Steady-State Theory

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Steady-State Theory Definition

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We all know about the Big Bang theory of how the universe came into existence. The steady-state universe theory is put forward as an alternative to the Big Bang theory. The steady-state theory states that the universe is always expanding, but it maintains the same density. We know that the state of matter depends on how dense its particles are. Thus, if the density of an object remains the same while its size continues to increase, we can say that that object is in a constant or steady state. The same concept when applied to the universe gives us a steady-state hypothesis.

A formal statement for the steady-state theory:

It states that the universe is constantly expanding while retaining a constant average density.

Steady-State Theory Explanation

It can be a bit confusing to understand how the steady-state universe theory could make sense. Let’s break it down here so that it’s simpler to understand.

The universe is filled with various kinds of celestial objects and collections of these celestial objects. It has stars, planets, asteroids, moons, meteors, and so many other such celestial bodies. The proponent of steady-state theory in simpler terms is that as the universe grows or expands, the number of celestial bodies also proportionally increases.

To put it differently, if the size of the universe is increasing but the number of celestial bodies is not, there will be a decrease in the density. Now, alongside the increasing size of the universe, the number of planets and stars, and other bodies are also increasing, and thus, the density remains more or less the same.

Steady-State Theory Evidence, or Lack Thereof

The steady-state theory proponents were Sir Fred Hoyle, Sir Hermann Bondi, and Thomas Gold. It was taken forward by Sir Hoyle after the propounding of the theory. The model used since the 1950s for any observations, which is the Cosmic Microwave Background, does not count much for evidence which is mostly because it comes from the Big bang theory, to which the steady-state theory was propounded as an alternative.

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Features of Steady State Universe Theory

This theory assumes that all the galaxies existing in the universe are moving slowly away from one another. Because of what the theory states, that as the universe expands, the galaxies and other celestial bodies in the universe also proportionately expand, the steady-state universe theory also assumes that new matter is constantly being created in the universe. The propounders of the theory also put forth the speed derived at which new matter is created, which is at the rate of 1 atom of hydrogen per 6 cubic kilometers of space per year, which is an incredibly minuscule amount. Another one of the features of steady-state theory is that it considers the universe to be stable and steady, as the name suggests.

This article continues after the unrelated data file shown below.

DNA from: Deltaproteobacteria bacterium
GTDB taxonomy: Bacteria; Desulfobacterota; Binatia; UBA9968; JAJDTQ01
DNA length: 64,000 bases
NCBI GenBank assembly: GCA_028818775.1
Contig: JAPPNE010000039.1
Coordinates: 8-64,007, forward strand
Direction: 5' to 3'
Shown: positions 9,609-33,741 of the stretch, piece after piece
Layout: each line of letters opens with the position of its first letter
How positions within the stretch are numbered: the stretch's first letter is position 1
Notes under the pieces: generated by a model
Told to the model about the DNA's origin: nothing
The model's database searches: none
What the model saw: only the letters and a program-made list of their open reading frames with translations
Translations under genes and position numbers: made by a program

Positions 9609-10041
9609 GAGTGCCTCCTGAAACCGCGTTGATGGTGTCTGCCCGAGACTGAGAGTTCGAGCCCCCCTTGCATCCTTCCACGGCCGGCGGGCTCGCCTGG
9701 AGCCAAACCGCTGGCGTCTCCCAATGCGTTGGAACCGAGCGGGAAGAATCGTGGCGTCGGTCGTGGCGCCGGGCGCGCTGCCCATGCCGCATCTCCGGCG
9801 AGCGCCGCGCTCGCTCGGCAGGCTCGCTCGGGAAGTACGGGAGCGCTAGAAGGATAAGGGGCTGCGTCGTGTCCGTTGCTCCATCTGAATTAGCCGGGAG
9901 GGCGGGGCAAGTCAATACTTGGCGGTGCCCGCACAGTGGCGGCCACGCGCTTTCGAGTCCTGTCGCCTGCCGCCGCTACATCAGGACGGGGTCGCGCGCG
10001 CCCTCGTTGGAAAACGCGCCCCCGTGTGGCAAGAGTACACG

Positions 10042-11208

The Drawbacks of the Steady State Theory

Unfortunately, there is more evidence against this theory than there are steady-state theory facts and tangible evidence. While there are definite predictions that could be tested via observation, those observations were the reason why it did not gain much clout in cosmology. The radio observations made went far into the universe, and returned with information from billions of light-years ago with evidence of a changing universe, which is pretty much the opposite of what the theory propounds. The cosmic microwave background also could not provide much evidence for this theory. These are the two main reasons that the big bang theory has been looked at as the origin of the universe and the steady-state theory put aside.

FAQ (Frequently Asked Questions)

1. What’s the Difference Between the Big Bang Theory and the Steady State Theory of the Universe?

Ans. Both the Big Bang theory, as well as the Steady State theory, are alternative explanations to how the universe came to be. The difference between the two is that the Big Bang theory assumes that the universe is expanding, but still cooling down from the event of the big bang millions of years ago; the steady-state universe theory merely assumes that the universe is expanding but not only in size, in the number of its galaxies as well. The major difference between the two is that the big bang theory assumes the universe to have sprung from one major event, which is the big bang, while the steady-state theory propounds that the universe has always existed and has always remained to expand at its rate of 1 atom of hydrogen per 6 cubic kilometers of space.

2. Why Do We Not Give Much Attention to the Steady Space Theory Especially in Comparison with the Big Bang Theory?

Ans. The steady-state theory is a solid theory, but in its essence, that’s all it is. Any of the evidence that Sir Hoyle and his colleagues tried to produce did not much work out in their favor. This theory was mainly brought out as an alternative to the big bang theory, but the cosmic microwave background, which was developed for the big bang theory, could not do much to help it. Also, the other method used - the one with radio observations - brought back data from billions of light-years ago with evidence disproving the theory. In theory, the steady-state hypothesis is a fantastic alternative to the big bang theory, but the big bang theory is much more widely accepted because of the evidence which supports it.